TULSA, Okla. — Mayor G.T. Bynum signed the City of Tulsa mask ordinance into effect on Thursday morning.
Bynum shared a picture of himself signing the mandate on his Facebook page.
We do this at the request of our hospitals, our doctors and nurses, our school leaders, and so many more who want to protect the ability of local health care systems to serve Tulsans in need.
The Tulsa City Council approved the citywide mask ordinance on Wednesday evening.
After several hours going over the language in the ordinance, listening to the advice of local health officials, and emails and voicemails from the Tulsans the council voted and passed the ordinance 7-2. It needed a majority vote to pass.
Last week, Mayor Bynum said he asked for a mask ordinance at the request of the Tulsa Health Department as coronavirus cases continue to increase in the city of Tulsa.
The mandate requires residents must have their noses and mouths covered when out in public spaces, but this doesn’t mean everyone must comply.
The City of Tulsa outlined the following exceptions for those who are not required to wear a face covering:
- Those who fall into the CDC’s guidance for those who should not wear face coverings due to a medical or mental health condition or developmental disability.
- Those who are eating or drinking.
- Those who are exercising in communal outdoor spaces, or persons walking or exercising with other persons from the same household in communal outdoor spaces, as long as physical distancing is maintained - persons congregating in communal outdoor spaces with other persons not in their same household are required to wear face coverings when physical distancing is not maintained.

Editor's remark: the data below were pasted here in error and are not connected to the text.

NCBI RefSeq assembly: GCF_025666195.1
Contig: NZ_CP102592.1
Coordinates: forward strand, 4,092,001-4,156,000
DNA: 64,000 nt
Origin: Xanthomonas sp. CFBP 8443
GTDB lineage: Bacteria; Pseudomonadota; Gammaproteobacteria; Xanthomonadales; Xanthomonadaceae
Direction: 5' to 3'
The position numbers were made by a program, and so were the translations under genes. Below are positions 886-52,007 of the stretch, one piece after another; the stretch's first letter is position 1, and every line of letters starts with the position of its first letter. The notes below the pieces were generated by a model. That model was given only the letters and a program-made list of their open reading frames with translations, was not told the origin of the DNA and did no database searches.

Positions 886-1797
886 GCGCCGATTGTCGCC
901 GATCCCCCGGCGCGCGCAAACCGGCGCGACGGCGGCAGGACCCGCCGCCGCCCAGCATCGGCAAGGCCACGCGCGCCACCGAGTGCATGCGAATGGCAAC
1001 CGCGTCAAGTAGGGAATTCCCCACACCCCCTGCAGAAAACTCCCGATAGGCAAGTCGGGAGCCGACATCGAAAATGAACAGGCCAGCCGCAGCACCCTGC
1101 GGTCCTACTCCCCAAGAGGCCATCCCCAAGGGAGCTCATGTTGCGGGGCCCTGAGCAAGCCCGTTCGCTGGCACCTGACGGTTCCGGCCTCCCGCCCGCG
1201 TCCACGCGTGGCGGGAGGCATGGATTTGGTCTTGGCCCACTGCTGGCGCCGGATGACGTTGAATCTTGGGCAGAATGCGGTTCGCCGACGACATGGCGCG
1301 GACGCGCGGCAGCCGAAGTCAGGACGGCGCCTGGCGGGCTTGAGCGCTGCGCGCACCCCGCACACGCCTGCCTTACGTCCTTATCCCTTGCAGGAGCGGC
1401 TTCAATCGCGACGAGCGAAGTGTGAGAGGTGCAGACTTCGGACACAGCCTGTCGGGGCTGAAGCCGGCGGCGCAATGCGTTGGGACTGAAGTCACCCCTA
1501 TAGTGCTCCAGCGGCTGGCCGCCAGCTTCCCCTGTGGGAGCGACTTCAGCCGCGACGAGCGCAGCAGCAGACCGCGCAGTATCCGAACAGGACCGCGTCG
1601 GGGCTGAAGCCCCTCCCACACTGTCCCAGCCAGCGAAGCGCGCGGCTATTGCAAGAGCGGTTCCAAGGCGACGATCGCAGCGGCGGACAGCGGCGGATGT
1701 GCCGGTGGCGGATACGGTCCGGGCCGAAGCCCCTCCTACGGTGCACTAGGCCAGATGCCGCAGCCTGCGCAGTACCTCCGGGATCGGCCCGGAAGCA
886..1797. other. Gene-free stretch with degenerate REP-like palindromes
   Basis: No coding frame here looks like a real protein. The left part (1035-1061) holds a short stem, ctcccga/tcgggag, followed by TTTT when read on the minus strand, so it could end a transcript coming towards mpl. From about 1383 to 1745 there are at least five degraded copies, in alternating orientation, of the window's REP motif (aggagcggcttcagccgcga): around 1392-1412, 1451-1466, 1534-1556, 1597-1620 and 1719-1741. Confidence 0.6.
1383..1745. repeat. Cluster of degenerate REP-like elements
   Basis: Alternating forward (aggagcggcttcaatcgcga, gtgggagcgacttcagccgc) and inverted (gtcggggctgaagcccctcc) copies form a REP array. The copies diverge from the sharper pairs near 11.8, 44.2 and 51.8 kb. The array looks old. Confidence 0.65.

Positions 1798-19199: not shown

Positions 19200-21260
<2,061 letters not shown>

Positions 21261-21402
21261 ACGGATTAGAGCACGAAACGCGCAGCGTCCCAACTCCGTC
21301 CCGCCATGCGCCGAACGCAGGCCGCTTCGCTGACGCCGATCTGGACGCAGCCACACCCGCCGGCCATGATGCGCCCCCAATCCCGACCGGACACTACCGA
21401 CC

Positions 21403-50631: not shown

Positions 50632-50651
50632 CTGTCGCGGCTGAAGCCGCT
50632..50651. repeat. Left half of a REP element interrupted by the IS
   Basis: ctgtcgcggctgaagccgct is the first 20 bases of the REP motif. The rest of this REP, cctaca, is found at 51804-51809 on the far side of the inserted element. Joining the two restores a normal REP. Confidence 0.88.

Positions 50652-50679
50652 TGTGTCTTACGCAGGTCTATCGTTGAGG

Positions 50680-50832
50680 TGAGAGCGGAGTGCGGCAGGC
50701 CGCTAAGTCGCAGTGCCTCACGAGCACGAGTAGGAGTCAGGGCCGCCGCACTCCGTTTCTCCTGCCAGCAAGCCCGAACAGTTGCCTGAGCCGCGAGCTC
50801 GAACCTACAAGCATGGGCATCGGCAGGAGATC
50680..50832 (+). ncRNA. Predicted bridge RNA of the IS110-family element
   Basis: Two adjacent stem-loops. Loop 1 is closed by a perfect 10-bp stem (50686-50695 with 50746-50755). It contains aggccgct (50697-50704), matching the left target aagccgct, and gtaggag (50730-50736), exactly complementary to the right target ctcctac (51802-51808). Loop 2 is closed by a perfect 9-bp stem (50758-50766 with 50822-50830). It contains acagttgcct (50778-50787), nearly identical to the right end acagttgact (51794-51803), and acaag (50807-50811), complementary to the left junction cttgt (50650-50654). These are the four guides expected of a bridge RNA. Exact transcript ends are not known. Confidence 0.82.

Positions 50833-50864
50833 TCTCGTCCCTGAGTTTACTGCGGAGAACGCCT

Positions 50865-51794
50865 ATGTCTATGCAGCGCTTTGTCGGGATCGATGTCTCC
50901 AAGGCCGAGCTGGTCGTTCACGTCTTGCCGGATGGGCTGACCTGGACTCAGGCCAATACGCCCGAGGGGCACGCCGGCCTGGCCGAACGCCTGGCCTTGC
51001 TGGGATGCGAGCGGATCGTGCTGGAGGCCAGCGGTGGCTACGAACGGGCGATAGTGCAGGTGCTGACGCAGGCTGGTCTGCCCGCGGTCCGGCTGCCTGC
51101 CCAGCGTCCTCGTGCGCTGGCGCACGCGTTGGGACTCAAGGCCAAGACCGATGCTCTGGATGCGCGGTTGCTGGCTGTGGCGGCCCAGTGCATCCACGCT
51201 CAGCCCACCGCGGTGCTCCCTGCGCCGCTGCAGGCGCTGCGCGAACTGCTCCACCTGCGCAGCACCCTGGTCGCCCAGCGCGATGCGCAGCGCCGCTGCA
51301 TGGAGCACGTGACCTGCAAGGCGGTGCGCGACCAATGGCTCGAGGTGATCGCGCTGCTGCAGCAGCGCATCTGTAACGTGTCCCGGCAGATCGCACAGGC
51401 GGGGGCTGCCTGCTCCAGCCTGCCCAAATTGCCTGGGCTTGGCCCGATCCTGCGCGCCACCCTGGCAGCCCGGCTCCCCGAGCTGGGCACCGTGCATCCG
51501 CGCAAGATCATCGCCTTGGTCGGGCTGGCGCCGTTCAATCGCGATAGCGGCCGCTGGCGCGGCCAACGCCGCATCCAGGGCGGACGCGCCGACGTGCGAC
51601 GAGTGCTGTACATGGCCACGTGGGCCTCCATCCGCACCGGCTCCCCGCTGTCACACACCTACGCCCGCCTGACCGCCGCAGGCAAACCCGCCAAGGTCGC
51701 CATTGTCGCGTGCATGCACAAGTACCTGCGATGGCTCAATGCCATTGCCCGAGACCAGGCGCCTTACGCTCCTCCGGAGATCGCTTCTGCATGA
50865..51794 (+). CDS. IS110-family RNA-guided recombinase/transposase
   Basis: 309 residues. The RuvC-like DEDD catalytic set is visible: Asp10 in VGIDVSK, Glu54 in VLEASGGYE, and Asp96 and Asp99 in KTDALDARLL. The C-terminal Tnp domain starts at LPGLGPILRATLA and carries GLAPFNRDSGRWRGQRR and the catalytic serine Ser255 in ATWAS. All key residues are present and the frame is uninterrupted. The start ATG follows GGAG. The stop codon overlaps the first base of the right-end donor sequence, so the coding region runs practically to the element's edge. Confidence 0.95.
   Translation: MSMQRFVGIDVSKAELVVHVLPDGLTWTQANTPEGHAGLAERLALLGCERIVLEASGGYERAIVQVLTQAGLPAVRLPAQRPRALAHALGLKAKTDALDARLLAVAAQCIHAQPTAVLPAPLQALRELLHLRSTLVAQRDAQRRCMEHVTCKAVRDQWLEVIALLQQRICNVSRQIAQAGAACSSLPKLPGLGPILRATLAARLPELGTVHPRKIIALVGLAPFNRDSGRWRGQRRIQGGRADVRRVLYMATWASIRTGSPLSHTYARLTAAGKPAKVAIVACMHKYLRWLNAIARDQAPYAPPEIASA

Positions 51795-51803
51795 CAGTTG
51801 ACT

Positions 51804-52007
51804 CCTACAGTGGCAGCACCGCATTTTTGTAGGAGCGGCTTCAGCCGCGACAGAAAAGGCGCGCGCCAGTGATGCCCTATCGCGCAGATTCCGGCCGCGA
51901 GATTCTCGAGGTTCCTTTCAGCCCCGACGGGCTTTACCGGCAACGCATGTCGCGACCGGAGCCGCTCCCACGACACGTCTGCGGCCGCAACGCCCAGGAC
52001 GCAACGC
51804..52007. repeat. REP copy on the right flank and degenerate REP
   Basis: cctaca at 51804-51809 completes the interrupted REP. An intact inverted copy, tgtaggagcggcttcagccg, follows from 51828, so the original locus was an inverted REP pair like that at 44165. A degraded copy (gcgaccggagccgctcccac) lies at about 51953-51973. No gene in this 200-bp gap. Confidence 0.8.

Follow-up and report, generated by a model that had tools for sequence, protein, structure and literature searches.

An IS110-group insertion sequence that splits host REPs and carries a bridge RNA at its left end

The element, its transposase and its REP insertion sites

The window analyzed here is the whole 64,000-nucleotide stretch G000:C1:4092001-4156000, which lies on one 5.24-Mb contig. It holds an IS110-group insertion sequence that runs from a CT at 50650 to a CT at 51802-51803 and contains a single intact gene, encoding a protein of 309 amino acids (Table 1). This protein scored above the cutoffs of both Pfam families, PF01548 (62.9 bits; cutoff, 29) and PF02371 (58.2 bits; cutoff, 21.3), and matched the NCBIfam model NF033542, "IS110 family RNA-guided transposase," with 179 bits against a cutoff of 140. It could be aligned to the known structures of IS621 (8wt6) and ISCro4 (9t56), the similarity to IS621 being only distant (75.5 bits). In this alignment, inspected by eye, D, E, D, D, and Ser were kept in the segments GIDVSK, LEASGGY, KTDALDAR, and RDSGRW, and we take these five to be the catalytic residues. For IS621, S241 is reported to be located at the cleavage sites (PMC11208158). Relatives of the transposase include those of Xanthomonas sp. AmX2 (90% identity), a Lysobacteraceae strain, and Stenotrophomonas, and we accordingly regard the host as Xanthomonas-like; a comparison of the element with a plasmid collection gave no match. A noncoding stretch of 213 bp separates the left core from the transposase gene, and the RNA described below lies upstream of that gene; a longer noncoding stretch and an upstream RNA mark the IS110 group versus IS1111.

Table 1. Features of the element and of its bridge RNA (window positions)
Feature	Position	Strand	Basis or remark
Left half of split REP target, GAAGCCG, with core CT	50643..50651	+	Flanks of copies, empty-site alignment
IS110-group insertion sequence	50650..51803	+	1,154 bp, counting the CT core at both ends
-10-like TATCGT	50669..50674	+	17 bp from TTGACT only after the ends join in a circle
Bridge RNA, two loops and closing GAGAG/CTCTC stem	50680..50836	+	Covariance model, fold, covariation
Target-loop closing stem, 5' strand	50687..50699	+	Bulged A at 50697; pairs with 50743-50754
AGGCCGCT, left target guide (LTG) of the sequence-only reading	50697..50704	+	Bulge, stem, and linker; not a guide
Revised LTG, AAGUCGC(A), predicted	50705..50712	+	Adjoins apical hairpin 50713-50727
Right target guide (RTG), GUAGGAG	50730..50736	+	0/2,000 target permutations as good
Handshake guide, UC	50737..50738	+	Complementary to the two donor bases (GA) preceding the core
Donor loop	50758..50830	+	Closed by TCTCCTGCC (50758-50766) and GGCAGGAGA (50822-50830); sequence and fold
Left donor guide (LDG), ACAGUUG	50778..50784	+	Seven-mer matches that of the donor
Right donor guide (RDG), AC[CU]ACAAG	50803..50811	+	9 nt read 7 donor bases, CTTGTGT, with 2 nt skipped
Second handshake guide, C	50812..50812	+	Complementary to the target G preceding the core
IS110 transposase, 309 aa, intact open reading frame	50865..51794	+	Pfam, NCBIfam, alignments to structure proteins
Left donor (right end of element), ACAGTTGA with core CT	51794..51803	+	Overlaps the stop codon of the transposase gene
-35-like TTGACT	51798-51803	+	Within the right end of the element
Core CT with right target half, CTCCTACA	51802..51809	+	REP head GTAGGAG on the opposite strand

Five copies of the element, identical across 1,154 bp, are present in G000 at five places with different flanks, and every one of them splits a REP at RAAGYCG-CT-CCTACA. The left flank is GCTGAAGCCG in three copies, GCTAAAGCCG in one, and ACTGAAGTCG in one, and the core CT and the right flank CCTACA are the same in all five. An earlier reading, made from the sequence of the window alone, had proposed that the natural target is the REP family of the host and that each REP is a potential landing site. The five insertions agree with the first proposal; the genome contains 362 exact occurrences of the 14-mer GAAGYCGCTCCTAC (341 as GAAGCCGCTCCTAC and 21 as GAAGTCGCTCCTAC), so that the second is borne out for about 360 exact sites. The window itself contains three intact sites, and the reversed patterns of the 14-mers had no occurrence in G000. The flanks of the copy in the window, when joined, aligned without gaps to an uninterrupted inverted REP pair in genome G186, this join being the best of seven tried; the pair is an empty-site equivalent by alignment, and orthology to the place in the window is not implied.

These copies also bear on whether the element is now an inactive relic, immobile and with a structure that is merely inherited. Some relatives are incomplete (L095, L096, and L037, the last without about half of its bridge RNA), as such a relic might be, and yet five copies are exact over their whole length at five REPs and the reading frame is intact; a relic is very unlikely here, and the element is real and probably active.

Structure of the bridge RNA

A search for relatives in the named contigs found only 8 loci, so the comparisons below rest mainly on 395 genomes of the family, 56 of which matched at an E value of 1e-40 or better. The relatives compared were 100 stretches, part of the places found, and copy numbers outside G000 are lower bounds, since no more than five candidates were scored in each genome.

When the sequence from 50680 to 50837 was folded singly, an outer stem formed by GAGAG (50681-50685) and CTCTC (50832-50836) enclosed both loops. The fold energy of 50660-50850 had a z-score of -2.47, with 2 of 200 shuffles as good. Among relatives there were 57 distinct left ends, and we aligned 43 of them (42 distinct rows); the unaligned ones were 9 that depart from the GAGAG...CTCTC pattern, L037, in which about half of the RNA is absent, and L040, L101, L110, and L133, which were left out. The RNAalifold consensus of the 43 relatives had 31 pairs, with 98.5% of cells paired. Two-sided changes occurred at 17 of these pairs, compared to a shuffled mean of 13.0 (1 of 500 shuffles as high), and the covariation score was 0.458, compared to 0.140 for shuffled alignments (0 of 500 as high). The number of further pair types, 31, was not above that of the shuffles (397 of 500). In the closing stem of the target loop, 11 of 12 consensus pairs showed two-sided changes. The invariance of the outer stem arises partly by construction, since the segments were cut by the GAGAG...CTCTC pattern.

- Those in settings where it is not practical or feasible to wear a face covering, such as dental services, medical treatments or while swimming.
- Occupants in a personal vehicle, personal office, or similarly private space while other persons outside of the person's household are not present.
- Those in their private homes.
- Those in offices and workplaces that are not public service areas where physical distancing between employees and other occupants can be consistently maintained during hours of operation.
There isn’t a specific penalty for violation but the ordinance said those refusing to wear a face covering are subject to prosecution under criminal trespass, disturbing the peace, disorderly conduct or similar offenses.
The ordinance could expire by Nov. 30 at the expiration of Mayor G.T. Bynum's Civil Emergency Orders or by repeal, modification or extension from the city council.
The two councilors who voted against the ordinance are Connie Dodson and Cass Fahler.
Fahler explained why before the vote.
“It is my opinion, far be it from me, that I do not represent the majority of my constituents," Fahler said. "Through all of those messages and everything that I have polled and counted and heard and listened, I have had a three to one majority to oppose this ordinance. Tonight, I will be voting no.”
Bynum said he’s grateful for the support of the council.
He also received support in the form of 11 letters from local healthcare system leaders and medical professionals across Oklahoma along with local leaders from school districts.
To read the mask ordinance in full, click here.
For more information on COVID-19 in Tulsa, click here.
Stay in touch with us anytime, anywhere.
Sign up for newsletters emailed to your inbox. Select from these options: Breaking News, Severe Weather, School Closings, Daily Headlines and Daily Forecasts.